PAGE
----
Officials in Ukraine have been roundly criticised for appointing a 23-year-old lawyer to head up the county’s efforts to weed out institutionalised corruption.
Anna Kalynchuk, who was given the high-profile role by Justice Minister Pavlo Petrenko “on merit”, has only just left university, prompting many Ukrainians to question whether she is up to the job. Critics have suggested that Kalynchuk is too young and not suitably qualified to lead Ukraine’s department of “lustration”, which is charged with identifying officials linked with corruption.
The “lustration” purge of crooked politicians and senior public sector figures was one of the demands of anti-government demonstrators who took to streets across the country in 2014, staging protests that resulted in then-president Viktor Yanukovych being forced to flee to Russia with the help of Vladimir Putin.
Kalynchuk was unveiled as head of the anti-corruption unit just days after Ukrainian Interior Minister Arsen Avakov named a 24-year old woman who had posted explicit images of herself online as his deputy.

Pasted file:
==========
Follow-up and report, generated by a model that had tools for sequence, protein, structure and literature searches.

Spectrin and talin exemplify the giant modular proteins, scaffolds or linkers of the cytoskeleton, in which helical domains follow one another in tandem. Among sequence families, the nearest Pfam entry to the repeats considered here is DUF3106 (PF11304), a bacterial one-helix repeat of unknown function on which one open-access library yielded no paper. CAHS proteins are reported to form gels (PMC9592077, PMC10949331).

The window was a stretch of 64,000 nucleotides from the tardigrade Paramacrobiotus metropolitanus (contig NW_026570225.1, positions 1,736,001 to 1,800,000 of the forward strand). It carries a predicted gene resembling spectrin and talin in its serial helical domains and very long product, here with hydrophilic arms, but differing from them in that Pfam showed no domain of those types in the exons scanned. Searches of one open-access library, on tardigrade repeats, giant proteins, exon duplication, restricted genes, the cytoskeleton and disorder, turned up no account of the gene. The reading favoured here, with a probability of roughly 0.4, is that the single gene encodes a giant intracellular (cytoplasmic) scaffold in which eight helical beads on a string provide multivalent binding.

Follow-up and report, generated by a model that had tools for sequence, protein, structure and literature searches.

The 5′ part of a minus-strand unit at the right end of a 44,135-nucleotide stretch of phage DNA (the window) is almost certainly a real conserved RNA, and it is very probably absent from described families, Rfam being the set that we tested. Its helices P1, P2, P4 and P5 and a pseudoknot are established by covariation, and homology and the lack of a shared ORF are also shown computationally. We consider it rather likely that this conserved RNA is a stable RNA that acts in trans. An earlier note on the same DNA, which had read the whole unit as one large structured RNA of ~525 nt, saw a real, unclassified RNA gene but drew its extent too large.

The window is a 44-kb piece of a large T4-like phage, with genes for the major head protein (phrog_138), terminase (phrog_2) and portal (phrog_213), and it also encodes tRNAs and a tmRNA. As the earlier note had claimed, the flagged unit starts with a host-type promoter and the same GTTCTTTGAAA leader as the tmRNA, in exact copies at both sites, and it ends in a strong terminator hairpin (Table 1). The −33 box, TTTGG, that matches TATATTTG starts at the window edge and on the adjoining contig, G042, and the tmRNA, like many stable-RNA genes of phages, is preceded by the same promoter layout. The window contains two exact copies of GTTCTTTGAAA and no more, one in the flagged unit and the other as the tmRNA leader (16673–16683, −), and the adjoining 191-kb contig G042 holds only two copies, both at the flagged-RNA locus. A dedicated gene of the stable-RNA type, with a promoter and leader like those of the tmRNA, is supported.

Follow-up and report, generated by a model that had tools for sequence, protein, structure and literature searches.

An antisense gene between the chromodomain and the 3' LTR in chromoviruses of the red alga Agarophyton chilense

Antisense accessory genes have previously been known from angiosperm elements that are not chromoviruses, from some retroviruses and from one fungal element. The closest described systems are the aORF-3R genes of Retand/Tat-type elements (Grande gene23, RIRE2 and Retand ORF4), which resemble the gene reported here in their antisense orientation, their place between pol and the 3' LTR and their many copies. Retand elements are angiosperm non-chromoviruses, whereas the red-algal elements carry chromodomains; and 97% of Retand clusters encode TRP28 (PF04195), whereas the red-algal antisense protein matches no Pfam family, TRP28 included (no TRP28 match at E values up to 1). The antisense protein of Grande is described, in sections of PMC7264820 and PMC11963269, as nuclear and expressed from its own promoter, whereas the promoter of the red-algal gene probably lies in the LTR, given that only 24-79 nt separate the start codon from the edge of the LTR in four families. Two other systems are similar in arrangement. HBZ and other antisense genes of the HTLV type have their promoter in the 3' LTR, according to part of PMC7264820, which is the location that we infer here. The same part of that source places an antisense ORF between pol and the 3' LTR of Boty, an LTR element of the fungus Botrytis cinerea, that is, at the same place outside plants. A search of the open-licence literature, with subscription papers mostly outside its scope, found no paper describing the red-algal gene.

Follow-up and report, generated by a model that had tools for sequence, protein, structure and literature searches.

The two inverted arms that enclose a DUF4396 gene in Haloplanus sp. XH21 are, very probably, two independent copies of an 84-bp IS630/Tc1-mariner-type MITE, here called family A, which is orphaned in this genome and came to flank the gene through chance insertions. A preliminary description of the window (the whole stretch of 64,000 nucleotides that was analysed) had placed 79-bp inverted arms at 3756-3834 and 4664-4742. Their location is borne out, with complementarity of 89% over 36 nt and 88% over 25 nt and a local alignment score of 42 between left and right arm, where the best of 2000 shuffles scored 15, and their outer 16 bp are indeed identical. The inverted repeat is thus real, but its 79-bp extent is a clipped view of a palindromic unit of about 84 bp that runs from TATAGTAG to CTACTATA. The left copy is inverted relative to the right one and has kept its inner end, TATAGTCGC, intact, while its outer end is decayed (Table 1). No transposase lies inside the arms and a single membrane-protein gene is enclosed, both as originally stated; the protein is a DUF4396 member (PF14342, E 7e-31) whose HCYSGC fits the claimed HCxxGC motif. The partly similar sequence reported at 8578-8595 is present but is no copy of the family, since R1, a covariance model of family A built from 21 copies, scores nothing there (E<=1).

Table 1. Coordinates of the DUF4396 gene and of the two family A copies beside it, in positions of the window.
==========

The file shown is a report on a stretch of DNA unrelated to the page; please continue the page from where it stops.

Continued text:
Responding to the two controversial appointments, political analyst Vadim Karasyov told the Associated Press: “Ukrainian politics looks increasingly like a circus show in which clowns come to succeed frustrated professionals. The resignations of top professionals and new scandalous appointments send a bad message both to society and western partners who expect from Ukraine quite a different outcome of the reforms.”
The negative reaction to Kalynchuk’s appointment came as EU leaders were preparing to scrutinise Ukraine’s efforts to clampdown on corruption. Since the 2014 uprising, EU officials have been attempting to push the country to do more to tackle dishonest dealing, with critics raising concerns that President Petro Poroshenko has been blocking progress by colluding with some of those accused of wrongdoing.
Earlier this month, Transparency International (TI) said Ukraine is one of the most corrupt nations in Europe and Central Asia, along with the likes of Serbia, Moldova and Lithuania. A report from the NGO found that the Ukrainian government was the least active among all of those surveyed when it came to fighting corruption. Eighty-six percent of Ukrainians polled told (TI) that their leaders were failing to clampdown on corruption, while 64% said they thought members of their parliament were on the take.
“Armenia, Bosnia & Herzegovina, Lithuania, Moldova, Russia, Serbia and Ukraine are the worst performing countries in Europe and Central Asia, according to their own citizens,” the report found.
“They received bad ratings across all the key corruption questions, suggesting real and serious corruption challenges in these countries, which urgently need to be addressed. These countries are marked by high perceptions of corruption among members of parliament, high bribery rates and a negative social environment for engaging in anti-corruption actions.”